ASCI updated the guidelines for brands regarding disclaimers made by them supporting, limiting or explaining claims made in advertisements
ASCI said that all disclaimers in television commercials or any other video advertisement on digital media should be clearly readable to consumers
There should not be more than one disclaimer in a single frame in an advertisement and it should be restricted to two full length lines, as per the updated guidelines
The Advertising Standards Council of India (ASCI) on Tuesday (January 24) updated the guidelines for brands regarding disclaimers supporting, limiting or explaining claims made in advertisements on digital and traditional media.
ASCI said that all disclaimers in television commercials or any other video advertisement on digital media should be clearly readable to consumers.
Besides, there should not be more than one disclaimer in a single frame in an advertisement and it should be restricted to two full length lines and remain on the screen for more than four seconds for every line.
If disclaimer exceeds two lines, additional hold duration should be accounted for. For the purposes of calculating the duration of hold of disclaimers, all forms of text appearing on screen at any one point in time should be counted, ASCI added.
This includes both disclaimer text and any text content in the main ad creative, regardless of where it appears on screen and whether or not it is repeated in audio, it said.
“While ASCI has had disclaimer guidelines since 2016, it was observed that overuse of disclaimers made it difficult for consumers to understand all the information presented in the ad,” ASCI CEO and Secretary-General Manisha Kapoor said.
“Hence, it is important that claims are crafted in a way that minimises the need for qualificatory disclaimers. Where disclaimers are needed, they should be presented in a manner that someone who is interested in reading them has the opportunity to do so,” Kapoor added.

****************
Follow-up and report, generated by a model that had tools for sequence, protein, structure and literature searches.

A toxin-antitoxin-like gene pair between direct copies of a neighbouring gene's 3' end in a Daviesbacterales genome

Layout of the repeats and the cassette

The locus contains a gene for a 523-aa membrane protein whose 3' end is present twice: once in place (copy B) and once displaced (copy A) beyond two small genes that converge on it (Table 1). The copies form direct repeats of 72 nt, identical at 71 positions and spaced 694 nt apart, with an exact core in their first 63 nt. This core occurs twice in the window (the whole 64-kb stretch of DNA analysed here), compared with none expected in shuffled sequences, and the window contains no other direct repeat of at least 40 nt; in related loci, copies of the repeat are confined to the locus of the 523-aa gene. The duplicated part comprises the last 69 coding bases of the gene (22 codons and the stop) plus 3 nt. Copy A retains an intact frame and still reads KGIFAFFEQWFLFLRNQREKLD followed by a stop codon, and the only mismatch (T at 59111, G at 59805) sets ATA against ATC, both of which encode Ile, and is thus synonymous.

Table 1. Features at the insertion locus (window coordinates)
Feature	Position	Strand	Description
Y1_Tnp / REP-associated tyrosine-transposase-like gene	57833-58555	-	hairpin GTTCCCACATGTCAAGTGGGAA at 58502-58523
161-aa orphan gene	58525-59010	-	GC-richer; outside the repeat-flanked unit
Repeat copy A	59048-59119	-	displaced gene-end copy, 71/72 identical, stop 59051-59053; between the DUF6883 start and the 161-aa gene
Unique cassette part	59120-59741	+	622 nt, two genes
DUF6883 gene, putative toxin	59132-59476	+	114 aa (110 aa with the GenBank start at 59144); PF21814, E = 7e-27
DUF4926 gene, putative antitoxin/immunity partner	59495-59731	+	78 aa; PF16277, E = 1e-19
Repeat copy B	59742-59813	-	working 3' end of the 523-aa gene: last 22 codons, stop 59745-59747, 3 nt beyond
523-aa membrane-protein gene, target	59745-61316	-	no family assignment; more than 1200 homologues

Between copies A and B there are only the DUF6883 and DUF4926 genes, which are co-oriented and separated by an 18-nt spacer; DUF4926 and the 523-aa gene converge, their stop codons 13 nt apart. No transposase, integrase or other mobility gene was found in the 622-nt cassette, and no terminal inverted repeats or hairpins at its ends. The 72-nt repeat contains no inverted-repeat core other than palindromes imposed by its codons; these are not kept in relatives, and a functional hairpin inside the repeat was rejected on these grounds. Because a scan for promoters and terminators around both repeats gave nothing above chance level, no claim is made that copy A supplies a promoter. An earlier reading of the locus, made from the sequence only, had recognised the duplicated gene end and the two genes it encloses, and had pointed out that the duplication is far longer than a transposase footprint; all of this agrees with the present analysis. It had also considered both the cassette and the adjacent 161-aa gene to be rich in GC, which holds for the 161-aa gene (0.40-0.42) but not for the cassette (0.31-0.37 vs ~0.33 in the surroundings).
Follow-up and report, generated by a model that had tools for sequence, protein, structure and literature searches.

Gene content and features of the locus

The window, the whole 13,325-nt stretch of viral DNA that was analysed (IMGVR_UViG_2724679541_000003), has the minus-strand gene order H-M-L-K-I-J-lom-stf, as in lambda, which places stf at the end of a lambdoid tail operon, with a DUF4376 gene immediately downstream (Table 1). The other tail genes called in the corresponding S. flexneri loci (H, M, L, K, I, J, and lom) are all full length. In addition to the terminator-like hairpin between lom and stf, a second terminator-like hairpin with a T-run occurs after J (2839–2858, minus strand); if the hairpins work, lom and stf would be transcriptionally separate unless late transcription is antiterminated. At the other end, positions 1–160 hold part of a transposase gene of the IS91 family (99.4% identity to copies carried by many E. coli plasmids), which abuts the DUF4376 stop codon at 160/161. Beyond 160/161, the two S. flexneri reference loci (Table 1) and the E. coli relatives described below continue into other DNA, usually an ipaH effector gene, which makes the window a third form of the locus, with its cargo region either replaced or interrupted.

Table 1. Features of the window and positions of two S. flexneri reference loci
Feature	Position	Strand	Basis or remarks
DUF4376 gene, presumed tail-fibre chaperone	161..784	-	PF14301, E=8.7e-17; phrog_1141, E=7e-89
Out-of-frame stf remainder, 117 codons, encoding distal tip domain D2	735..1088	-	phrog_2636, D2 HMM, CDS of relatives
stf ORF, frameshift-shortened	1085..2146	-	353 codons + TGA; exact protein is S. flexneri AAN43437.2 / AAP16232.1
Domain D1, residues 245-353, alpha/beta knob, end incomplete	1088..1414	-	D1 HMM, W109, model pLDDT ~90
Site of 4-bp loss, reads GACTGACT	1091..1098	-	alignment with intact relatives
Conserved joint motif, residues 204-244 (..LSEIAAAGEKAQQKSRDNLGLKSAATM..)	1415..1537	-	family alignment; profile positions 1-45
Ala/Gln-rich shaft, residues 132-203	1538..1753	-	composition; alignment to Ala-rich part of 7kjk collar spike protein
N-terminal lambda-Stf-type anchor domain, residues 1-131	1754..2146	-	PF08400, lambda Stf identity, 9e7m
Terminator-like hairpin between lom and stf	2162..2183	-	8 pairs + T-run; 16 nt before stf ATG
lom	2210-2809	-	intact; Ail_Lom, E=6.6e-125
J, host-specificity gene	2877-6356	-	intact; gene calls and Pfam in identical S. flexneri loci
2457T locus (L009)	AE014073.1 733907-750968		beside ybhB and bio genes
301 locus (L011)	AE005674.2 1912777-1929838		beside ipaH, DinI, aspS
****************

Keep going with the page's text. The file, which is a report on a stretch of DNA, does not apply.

It must be noted that the number of complaints against advertisers rose 14% year-on-year during April-September 2022, as per an ASCI report. During the six-month period, the industry body processed 3,340 complaints against 2,764 advertisements that were in potential violation of the ASCI code.
About 55% of these ads were spotted across the digital domain. The complaints against influencers constituted 28% of the total grievances for the April-September period.
Last week, the Consumer Affairs Ministry also released new endorsement guidelines under which social media influencers would be liable to pay heavy fines for violations.
As per the guidelines, influencers will have to make disclosures if there is a material connection between an advertiser and celebrity or influencer that may affect the credibility of the representation made by the celebrity or influencer.
In the most recent changes, citing the need for updating the guidelines, ASCI said that its recent survey of 130 consumers found that 80% of respondents did not notice the disclaimers in ads. Besides, 33% of respondents could not understand the disclaimers clearly even after adequate exposure time was provided, while 62% of respondents felt that the disclaimers were excessively long.
In the updated guidelines, ASCI prescribed that the use of disclaimer should be kept to a minimum.
It must be noted that the ASCI code requires that suitable disclaimers are used to properly explain and support claims made in ads to ensure that consumers can read all the information presented.